Hot weather is here and sharing safety tips is always important!

You want to take your dog with you everywhere – it’s summer now! But it’s 90 degrees out and your best friend will melt in the car. So you stay home and hang out in the yard instead. Still concerned and not sure how hot is too hot for your dog?

Your dog doesn’t sweat like we do! Heat dissipates through their ears, panting and their paws.

So what does overheating look like?

Here’s a guide and signs of overheating:

  • Profuse and rapid panting
  • Bright red tongue
  • Thick drooling saliva
  • Wide eyes with a glassy look
  • Lack of coordination
  • Vomiting/Diarrhea (this is the most common sign)

While you’re playing in the yard or watching your dogs chase each other, have water and ice cubes available at all times. You can use a thermos/insulated flask or ice chest for the water to keep it cool. If your dogs are like mine and don’t like to slow down and get big drinks, freeze chicken or beef broth as ice cubes!

Check the water in the doggie bowl frequently to make sure it has not become warm or even hot. It can feel like bath water after even 15 minutes in direct sunlight.

8 Hot Weather Safety TIPS for Pet Parents

1. Dogs with medical conditions (e.g. heart issues) or predisposed to overheating

Please use caution if you live with dogs with conditions like heart disease when outside – you should talk to your vet about how much time out in the sun is OK and what respiratory distress looks like. Certain breeds are predisposed to overheating quickly. This includes any flat faced breed like Pugs for example.

2. What to do about dogs in cars.

Cover your car with a reflective blanket or heat-blocking cover. Shade cloth is used by many pet parents that participate in dog sports during warmer months and dogs are often crated in vehicles.

Shade cloth is designed for greenhouses and all types of pet or animal enclosures. These can literally be put over your car.

Keep the A/C running but have the windows cracked is another option but of course, use your judgment and never leave your dog in the car unattended.

3. The Pavement is hot!

Park in a shady spot so at worst your dog is walking under a tree in a grassy area and their paw pads aren’t on the pavement in direct heat. Also, put your own hand down on the pavement and check it BEFORE your dog walks on any surface. You’ll be able to make a judgment immediately.

If you must walk your dog on a sidewalk they will need boots. 

There are many types of boots to choose from for your dog and all paws are not equal. It’s ideal to bring your dog over to the store so we can measure their paws but at worst bring one measurement -the width of their paw with weight on it. We found some great advice from Ultra Paws.

Measure your dog’s front paw to ensure a comfortable fitting boot.

  1. Place the paw on a piece of paper and press down on the top, mimicking how the paw spreads when the dog’s walking.
  2. Mark the left and the right side on the paper and measure the distance between the marks. Compare this to the boot sizes. The width of the paw should be smaller than the boot size. For example, if the foot width is 1 1/2 inches, order an X-Small at 1 3/4 inches.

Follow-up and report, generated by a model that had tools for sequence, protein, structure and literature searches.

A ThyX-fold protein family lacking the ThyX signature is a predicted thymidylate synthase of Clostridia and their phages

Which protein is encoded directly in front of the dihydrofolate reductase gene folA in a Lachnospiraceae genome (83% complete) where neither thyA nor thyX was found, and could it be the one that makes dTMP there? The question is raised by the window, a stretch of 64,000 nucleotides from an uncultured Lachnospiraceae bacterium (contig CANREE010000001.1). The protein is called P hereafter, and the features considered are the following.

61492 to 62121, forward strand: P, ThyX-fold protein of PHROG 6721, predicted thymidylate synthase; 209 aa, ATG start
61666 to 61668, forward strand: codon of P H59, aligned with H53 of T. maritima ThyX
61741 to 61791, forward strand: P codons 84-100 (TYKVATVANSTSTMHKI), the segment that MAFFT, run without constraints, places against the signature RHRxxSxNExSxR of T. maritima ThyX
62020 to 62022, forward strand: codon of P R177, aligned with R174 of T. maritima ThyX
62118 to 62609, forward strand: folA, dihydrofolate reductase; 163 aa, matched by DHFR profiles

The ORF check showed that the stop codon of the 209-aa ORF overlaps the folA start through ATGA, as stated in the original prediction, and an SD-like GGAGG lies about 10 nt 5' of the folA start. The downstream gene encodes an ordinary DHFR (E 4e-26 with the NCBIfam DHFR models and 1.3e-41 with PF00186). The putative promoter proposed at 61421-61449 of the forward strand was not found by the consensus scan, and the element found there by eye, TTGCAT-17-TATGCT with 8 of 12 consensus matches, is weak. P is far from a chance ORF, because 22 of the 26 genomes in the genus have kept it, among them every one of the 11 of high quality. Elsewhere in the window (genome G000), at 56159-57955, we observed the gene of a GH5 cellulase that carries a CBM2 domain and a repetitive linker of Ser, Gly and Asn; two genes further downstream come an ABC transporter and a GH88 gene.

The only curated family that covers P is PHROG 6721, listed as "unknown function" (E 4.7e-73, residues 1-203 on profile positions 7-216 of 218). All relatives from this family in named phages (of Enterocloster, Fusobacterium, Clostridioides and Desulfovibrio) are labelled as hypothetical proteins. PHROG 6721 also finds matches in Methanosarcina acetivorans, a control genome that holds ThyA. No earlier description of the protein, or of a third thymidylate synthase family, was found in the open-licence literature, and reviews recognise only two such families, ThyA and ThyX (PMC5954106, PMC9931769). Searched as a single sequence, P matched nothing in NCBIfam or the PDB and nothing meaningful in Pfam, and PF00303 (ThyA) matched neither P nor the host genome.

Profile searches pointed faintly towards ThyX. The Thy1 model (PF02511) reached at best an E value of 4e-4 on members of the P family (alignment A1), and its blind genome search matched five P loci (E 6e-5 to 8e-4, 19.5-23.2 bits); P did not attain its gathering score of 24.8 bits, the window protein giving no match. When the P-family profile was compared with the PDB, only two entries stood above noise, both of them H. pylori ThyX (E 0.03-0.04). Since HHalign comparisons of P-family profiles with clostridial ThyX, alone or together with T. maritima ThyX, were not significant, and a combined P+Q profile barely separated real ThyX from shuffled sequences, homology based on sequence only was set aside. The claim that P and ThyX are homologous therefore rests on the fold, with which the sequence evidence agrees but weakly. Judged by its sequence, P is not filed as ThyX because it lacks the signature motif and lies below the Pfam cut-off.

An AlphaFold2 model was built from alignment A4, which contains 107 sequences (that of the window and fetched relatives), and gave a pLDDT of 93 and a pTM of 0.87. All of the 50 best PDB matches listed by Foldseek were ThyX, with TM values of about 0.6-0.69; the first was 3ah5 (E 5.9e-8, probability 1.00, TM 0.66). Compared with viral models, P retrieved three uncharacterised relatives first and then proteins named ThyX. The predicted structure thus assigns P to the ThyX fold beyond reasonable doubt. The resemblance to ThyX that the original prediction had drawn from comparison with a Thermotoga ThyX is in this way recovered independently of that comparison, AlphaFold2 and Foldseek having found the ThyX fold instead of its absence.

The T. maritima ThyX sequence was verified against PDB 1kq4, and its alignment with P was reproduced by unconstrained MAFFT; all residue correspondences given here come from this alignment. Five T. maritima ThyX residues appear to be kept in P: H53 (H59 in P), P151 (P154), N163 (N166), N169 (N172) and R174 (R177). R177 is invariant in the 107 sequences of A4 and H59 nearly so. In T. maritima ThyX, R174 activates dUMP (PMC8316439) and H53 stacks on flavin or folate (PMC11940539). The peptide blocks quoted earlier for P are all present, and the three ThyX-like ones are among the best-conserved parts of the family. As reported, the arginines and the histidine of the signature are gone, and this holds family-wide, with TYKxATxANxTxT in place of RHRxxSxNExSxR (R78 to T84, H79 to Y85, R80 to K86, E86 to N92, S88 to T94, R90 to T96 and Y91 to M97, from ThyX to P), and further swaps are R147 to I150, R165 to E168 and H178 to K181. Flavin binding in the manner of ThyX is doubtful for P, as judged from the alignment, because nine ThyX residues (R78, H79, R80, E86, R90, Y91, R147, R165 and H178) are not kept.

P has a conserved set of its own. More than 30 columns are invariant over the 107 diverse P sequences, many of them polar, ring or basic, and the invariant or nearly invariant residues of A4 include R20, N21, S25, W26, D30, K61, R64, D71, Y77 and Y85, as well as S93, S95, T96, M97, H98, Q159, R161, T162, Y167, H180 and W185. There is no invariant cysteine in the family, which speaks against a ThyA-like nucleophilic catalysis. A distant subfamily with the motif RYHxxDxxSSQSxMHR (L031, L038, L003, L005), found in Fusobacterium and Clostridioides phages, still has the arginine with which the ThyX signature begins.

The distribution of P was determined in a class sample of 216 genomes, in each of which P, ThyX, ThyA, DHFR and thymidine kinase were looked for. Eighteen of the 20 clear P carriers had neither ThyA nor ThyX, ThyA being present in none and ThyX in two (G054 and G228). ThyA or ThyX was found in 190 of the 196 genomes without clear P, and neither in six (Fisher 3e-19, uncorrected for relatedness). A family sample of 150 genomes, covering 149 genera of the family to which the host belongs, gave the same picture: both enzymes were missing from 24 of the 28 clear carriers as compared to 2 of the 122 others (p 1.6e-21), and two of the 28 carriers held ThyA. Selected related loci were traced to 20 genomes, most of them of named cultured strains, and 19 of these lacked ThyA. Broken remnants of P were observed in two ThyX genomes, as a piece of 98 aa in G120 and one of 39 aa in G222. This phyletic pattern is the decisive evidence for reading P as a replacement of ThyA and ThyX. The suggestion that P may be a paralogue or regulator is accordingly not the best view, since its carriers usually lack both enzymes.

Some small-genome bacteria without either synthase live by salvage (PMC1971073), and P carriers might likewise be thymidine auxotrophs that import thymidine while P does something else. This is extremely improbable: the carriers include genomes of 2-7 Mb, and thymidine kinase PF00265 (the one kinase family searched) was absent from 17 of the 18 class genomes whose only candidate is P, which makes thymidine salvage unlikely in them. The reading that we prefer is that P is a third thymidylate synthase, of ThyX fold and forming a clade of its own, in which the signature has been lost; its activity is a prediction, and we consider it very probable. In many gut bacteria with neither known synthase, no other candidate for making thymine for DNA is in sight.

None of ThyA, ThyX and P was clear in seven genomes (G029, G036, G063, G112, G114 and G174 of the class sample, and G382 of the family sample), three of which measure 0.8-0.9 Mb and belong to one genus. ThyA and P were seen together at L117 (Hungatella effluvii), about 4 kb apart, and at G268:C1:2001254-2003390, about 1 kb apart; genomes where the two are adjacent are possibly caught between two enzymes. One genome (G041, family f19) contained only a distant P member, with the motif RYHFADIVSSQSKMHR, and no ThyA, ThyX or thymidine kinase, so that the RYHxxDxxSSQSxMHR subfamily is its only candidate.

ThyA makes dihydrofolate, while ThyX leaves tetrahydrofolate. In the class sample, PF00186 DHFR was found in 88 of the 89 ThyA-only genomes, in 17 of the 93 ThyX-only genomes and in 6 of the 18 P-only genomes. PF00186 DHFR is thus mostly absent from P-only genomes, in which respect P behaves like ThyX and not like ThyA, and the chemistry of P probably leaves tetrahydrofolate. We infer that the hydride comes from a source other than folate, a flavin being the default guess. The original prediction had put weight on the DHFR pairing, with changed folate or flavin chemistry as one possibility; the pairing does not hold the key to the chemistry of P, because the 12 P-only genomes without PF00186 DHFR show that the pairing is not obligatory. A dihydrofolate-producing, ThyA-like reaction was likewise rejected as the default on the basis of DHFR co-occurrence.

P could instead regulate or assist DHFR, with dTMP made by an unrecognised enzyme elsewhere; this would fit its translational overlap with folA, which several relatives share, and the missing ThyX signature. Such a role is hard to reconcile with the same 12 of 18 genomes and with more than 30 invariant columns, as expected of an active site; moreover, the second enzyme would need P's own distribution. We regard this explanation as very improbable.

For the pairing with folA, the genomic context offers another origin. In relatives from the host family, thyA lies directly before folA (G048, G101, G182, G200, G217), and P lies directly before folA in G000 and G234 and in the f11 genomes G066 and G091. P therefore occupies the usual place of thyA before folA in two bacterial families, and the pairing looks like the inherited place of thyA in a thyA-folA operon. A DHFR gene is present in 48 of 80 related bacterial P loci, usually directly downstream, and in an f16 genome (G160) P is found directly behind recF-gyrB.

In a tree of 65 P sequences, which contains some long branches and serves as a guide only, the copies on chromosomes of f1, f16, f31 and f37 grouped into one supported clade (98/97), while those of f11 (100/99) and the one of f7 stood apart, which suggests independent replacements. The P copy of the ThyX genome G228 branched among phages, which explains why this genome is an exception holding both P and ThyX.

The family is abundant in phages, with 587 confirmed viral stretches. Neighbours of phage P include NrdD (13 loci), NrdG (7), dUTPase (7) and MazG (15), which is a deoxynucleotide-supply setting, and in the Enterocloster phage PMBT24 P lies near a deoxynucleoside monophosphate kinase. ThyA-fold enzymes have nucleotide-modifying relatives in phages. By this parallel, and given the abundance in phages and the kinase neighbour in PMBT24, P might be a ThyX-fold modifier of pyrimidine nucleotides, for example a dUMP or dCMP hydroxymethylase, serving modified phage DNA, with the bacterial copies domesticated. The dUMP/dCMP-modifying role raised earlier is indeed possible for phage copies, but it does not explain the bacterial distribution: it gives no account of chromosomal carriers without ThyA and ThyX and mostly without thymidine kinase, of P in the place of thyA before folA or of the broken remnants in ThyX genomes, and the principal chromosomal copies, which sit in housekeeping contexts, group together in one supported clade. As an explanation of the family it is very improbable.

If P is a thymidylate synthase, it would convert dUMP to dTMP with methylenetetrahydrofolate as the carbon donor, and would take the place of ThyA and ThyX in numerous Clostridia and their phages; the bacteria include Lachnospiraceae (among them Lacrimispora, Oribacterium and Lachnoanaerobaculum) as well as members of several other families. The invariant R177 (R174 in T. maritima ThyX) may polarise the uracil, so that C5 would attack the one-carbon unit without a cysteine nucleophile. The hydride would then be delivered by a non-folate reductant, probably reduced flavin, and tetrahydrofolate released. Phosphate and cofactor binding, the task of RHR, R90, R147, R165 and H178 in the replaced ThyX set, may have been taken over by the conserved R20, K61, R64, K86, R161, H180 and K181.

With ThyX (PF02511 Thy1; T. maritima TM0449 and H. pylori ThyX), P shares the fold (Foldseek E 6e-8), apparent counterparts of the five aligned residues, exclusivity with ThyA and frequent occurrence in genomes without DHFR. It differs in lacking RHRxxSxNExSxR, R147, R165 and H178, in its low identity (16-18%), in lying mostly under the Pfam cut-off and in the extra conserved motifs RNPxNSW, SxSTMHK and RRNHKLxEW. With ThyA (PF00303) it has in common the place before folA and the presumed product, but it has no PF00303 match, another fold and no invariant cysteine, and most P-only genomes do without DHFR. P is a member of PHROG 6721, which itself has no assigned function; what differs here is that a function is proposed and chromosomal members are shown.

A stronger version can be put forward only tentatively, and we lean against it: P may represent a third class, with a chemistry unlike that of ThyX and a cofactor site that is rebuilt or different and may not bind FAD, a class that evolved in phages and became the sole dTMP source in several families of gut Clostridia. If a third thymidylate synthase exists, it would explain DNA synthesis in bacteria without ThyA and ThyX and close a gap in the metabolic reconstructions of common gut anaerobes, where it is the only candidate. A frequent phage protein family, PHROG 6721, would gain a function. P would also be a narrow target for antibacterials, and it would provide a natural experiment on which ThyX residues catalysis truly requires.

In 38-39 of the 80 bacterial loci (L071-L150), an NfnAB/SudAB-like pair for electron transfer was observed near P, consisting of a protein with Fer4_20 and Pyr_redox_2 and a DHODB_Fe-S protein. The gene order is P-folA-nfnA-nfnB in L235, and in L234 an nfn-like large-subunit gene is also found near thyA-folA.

Other brands that you might see are Ruffwear, Kurgo, Pawz, and RC Pets.

4. What temperature is an emergency?

Anything above 106 degrees must be dealt with aggressively. Immediately go to your vet.

Mildly increased temperature (less than 105°F) may only require rest, a fan to increase air circulation, fresh water to drink and careful observation.

5Pools are fantastic, but your dogs should be supervised

It’s fun to visit a friend’s pool but make sure your dog has a life jacket or float coat. Don’t assume your dog knows how to swim. Some breeds are not natural swimmers and may need extra help!

6. Summer check up (watch the video!)

Nose to tail exams are important any time of year but it’s good to get a baseline before summer comes around. It’s a good chance to talk to your vet about anything you’ve noticed that’s out of the ordinary. And perhaps your dog has allergies that are seasonal and could benefit from medication – this is a great opportunity to bring up some things you’ve seen pop up.

7. Seniors!

They can easily overheat. Unfortunately, their bodies don’t work as efficiently as they used to so keep senior dogs inside or monitor the time they are outdoors. A little vitamin D is ok but they shouldn’t be left outdoors for long periods of time. Watch for signs of heavy panting.

8. Ticks and flea season is still here

Summer is when we need to worry about fleas and ticks. There have been cases of ticks in our area so please check to see what oral medication is available from your vet! And fleas are basically everywhere.

Heat stress can put your dog in the hospital. It is easy to avoid any emergencies by following these simple tips. Ask our staff about cooling vests and products that you should have in your summer toolkit.